A passion for pure air links St. Luke’s Carbon Campus with Allentown entrepreneur Kathryn Worrilow, PhD., in a win-win partnership that will protect patients from COVID-19 and all other airborne pathogens in the new hospital.
Early this spring, six LifeAire Systems air purification units, designed and manufactured at the company’s factory in Allentown (Pa), were installed in the ductwork leading to the new hospital’s surgery patient stations, operating rooms, ICU, post-anesthesia care units (recovery rooms) and medical-surgical units.
This advanced technology, the most powerful air purification system available to the healthcare industry, will sterilize the air flowing through the HVAC system at the hospital, removing or neutralizing pathogens that might otherwise infect patients recovering from illness or surgery.
“The LifeAire technology is an example of the state-of-the-art technology present throughout the new hospital, installed for the safety and health of our patients,” said John Nespoli, president of St. Luke’s Lehighton and Carbon campuses. “LifeAire is much more than an air filtering system; it purifies the air that surrounds our patients and staff and they breathe.”
The relationship between St. Luke’s University Health Network and Worrilow began in 2017 when her Allentown-based company, LifeAire, designed and installed an experimental air purification system serving patient rooms at St. Luke’s Allentown Campus. Last year as COVID-19 spread, a second LifeAire system was added at that hospital. This same efficient virus-ridding technology is in the units just installed in the new Carbon County hospital, which is under construction.
The 160,000-square-feet facility will house 80 beds, an expansive ER, intensive care unit, operating rooms and the latest diagnostic and treatment technology. The ultra-modern hospital is being built at the junction of the Mahoning Valley interchange of routes 476 and 209 in Franklin Township. It will be the first new acute-care, advanced-technology hospital to serve Carbon County residents in more than 100 years.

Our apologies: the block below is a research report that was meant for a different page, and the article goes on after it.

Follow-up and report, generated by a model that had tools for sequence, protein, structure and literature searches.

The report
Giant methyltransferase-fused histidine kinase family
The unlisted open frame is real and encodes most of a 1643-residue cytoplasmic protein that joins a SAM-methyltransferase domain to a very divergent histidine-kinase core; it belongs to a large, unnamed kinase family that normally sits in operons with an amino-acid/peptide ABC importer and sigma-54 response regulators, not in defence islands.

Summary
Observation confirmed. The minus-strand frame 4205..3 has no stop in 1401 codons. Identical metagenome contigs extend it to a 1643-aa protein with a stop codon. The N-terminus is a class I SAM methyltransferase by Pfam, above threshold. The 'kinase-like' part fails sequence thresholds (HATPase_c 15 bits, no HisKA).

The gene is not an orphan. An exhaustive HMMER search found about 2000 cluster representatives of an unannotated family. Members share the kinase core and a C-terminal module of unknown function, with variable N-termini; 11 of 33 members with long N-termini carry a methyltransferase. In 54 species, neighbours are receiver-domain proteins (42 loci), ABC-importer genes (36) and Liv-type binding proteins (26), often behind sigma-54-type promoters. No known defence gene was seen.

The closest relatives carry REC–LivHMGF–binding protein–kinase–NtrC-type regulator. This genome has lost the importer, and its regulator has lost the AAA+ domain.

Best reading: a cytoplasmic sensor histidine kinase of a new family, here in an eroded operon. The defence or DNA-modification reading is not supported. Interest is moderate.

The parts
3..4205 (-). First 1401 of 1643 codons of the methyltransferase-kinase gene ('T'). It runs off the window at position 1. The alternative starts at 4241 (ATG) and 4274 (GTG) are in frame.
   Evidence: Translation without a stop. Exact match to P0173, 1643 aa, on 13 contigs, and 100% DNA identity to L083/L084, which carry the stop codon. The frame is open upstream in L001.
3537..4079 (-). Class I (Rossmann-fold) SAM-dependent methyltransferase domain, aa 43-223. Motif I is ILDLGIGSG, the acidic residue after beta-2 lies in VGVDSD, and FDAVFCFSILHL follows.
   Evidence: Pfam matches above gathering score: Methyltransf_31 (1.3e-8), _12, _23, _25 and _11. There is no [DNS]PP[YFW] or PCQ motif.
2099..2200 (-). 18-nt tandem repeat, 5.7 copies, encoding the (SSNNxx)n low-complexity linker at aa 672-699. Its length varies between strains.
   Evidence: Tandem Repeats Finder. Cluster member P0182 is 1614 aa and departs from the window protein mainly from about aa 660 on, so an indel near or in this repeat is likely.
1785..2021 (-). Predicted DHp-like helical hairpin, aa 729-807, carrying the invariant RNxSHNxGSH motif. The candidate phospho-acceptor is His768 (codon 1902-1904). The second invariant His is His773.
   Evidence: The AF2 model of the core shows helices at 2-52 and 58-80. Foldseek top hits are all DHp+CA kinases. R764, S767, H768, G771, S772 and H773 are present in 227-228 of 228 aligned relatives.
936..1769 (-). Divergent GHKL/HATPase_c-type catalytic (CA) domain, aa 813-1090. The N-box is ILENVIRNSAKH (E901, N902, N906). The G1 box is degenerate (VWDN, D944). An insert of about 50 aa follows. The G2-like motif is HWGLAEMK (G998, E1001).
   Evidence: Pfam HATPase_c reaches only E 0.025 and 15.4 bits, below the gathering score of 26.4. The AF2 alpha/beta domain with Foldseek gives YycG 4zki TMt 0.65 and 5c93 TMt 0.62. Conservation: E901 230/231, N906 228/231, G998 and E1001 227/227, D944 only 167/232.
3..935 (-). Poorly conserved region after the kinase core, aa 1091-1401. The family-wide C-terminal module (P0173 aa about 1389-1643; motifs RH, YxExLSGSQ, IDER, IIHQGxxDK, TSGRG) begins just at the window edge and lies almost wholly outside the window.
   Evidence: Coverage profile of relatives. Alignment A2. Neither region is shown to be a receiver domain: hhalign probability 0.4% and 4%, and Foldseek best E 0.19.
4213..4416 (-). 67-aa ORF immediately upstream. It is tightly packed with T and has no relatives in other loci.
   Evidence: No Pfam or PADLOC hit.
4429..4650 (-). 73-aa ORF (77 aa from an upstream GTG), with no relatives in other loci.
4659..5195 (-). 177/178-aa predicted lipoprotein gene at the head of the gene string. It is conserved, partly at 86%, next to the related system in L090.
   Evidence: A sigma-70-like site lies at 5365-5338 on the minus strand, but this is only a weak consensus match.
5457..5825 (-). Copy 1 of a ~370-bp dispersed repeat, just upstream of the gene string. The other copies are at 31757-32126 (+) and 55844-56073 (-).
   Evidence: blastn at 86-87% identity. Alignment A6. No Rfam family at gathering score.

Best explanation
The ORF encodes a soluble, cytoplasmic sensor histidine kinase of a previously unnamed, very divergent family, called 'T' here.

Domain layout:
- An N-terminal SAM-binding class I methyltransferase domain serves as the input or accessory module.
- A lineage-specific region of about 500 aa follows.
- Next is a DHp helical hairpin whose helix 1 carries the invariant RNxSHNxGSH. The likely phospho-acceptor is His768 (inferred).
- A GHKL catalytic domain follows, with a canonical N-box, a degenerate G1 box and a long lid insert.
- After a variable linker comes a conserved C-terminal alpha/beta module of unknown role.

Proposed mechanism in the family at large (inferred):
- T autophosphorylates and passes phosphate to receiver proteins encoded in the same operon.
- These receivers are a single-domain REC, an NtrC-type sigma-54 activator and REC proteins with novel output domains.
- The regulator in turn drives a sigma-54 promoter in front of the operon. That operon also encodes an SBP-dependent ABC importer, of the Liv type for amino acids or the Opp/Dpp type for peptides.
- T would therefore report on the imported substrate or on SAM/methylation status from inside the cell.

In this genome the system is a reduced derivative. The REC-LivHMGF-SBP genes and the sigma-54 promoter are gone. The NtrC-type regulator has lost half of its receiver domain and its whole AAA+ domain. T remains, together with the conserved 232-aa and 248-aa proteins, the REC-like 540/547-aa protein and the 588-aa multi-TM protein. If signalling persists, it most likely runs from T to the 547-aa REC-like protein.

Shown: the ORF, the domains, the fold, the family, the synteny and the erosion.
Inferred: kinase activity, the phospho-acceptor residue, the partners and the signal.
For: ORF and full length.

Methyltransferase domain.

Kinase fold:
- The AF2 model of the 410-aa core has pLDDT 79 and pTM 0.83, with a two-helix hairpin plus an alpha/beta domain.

Each LifeAire purifier in the new hospital measures approximately 4-fee-wide by 7-feet-long by 2-feet-high and will kill all infectious viral, bacterial and fungal pathogens at levels that exceed sterility, explained Worrilow. Two additional LifeAire Systems will be installed at the hospital in the future to serve operating and procedure rooms.
Worrilow and LifeAire, the company she founded and runs, originally developed the air purification technology originally for the in-vitro fertilization (IVF) process, then innovatively adapted it for use in the air handling units in hospitals like St. Luke’s. Pathogen-free air is essential for creating and sustaining life, making it ideal for IVF as well as for protecting patients while they heal.
A research study on the benefits of the St. Luke’s Allentown units, conducted by St. Luke’s and LifeAire, and published in the prestigious journal Surgery, described a reduction in hospital-acquired infection and readmission rates, a decrease in length of stay, and significant cost savings to the hospital.
The power of the LifeAire technology to purify the air at St. Luke’s Carbon and Allentown campuses affirms its estimable value alongside the healthcare heroes that fight the COVID-19 plague and other illnesses day after day.